Sam Swenson didn’t take much time to earn the starting goalkeeper position for the Michigan field hockey team.
As a freshman, Swenson appeared in all 20 games for the Wolverines, starting 18 and posting a 1.34 goals-against average.
The native of Harrogate, England, has continued her good form into her sophomore season. Through 12 games Swenson has improved her goals against average to .94 and carries a .796 save percentage into this Friday’s game against No. 20 Iowa.
“I think my decision making has improved the most,” Swenson said. “I’m getting a lot better at knowing where I should be on the field, and the decisions I need to make as a play is progressing. I also feel more confident in my skills. I feel like that’s an aspect that has improved, that my actual skills have gotten better and I can execute once I’ve made the decisions out there.”
Her coach, Marcia Pankratz, has counted on her from day one.
“I think coming into the University of Michigan as a freshman, not only for the American kids but certainly someone who’s coming all the way across the ocean to a new culture, it’s a big adjustment,” Pankratz said. “I think coming into her sophomore year, she knows what it’s all about. She’s got her feet on the ground.”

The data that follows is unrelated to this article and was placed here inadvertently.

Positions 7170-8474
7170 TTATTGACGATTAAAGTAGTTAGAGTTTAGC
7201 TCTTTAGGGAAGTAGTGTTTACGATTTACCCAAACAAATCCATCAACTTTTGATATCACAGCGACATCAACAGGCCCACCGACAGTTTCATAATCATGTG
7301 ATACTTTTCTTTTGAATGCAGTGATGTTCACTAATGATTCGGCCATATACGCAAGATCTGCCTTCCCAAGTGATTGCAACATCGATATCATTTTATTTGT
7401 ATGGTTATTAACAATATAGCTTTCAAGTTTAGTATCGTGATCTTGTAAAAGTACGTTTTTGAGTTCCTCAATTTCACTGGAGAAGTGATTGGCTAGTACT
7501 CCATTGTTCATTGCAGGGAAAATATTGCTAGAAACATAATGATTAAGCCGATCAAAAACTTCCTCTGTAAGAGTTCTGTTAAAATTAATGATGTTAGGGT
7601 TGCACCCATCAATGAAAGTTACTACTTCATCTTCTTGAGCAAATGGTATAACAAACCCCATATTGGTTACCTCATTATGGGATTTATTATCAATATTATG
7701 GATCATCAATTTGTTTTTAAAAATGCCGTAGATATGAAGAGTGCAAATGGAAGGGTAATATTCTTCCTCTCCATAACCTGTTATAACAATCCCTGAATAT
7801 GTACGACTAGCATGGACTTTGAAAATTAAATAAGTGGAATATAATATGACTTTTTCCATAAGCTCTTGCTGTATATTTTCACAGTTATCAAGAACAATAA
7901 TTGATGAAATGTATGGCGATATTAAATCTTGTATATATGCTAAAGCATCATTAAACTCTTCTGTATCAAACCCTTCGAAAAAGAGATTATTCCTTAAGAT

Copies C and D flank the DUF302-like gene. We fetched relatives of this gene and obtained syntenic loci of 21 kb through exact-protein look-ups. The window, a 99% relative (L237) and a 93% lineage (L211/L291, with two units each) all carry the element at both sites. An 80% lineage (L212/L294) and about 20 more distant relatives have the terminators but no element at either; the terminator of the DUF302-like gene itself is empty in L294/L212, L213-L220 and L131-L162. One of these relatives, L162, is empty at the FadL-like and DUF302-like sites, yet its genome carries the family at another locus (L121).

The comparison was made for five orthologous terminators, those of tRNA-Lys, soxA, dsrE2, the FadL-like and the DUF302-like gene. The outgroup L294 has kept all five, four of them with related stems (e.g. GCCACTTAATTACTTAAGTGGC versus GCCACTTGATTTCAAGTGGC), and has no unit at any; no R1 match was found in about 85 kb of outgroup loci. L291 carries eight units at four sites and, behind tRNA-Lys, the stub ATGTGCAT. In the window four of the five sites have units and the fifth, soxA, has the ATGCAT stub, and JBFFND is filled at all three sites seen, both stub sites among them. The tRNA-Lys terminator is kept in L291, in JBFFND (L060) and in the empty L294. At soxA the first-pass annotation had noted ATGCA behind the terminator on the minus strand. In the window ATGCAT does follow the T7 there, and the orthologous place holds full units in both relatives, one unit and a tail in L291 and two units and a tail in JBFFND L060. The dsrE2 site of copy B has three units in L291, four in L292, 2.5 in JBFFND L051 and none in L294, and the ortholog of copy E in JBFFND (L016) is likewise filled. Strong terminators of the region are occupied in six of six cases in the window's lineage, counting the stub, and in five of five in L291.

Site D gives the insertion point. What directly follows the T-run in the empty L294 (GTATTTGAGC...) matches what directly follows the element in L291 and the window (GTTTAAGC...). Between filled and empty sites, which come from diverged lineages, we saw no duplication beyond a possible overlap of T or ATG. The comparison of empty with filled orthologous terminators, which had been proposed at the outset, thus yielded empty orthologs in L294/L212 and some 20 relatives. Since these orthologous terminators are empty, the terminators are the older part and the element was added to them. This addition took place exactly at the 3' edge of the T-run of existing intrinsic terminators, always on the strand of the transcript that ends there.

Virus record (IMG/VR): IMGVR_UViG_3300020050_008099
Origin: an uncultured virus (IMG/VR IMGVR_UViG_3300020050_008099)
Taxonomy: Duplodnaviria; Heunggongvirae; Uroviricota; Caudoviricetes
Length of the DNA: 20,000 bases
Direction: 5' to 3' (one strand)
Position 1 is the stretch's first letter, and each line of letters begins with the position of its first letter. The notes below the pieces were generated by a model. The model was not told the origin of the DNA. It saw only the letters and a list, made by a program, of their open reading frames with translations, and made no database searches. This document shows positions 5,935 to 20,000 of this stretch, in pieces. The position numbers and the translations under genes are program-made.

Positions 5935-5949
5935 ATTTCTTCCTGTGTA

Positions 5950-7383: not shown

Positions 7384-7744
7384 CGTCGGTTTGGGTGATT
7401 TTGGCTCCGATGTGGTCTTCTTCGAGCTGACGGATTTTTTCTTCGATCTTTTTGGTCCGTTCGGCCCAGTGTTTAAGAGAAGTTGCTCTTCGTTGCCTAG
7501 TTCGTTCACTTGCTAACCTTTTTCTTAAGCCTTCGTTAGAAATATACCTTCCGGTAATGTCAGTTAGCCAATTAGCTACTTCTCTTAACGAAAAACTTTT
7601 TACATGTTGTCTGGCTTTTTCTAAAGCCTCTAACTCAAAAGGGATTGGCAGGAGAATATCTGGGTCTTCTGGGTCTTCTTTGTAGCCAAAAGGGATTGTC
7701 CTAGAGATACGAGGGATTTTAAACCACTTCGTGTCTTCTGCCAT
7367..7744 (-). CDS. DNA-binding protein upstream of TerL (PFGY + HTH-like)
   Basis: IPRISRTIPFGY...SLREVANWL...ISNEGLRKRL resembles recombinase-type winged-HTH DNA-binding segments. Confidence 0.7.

Though she is just a sophomore, Swenson brings plenty of experience, having captained her prep team in England for five seasons. Swenson’s play has been strong enough this year to earn two Big Ten Defensive Player of the Week honors. She has also been a part of four shutout performances by the Michigan defense while allowing just 11 goals all season.
“It’s really nice to be recognized,” Swenson said. “As a defensive player it is something really special. Sometimes goalkeeper is not as rewarding as other positions on the field, so it is really nice to be recognized, but I couldn’t do it without the rest of my team. They really do push me in the right way every day in practice and in every game, so it’s really all down to them for making me who I am today.”
Swenson has been able to learn on the job while benefitting from the support of an experienced Wolverine back line, but when the time comes, she has been in position to defend her net. The team, in turn, has taken advantage of having a goalie as good as Swenson, taking risks further up the field that it wouldn’t normally. They trust her to come up with the saves.
Early in the season, Swenson and the defense struggled defending penalty corners but Swenson has stepped up into a leadership role in penalty situations. Part of the leadership process for Swenson has been studying plenty of film prior to games.
“She’s making the big-time saves,” Pankratz said. “She did last year as well, but even more this year. When the game has been tight and close, she’s been coming up with a couple of really big saves that have kept us in the game and have allowed our attack to then score in the second half to win it.”
Swenson continues to grow and develop as a leader on the defense, just as the competition will toughen on the way to the Big Ten Tournament. But in her second year at Michigan, it’s safe to say she’s right at home.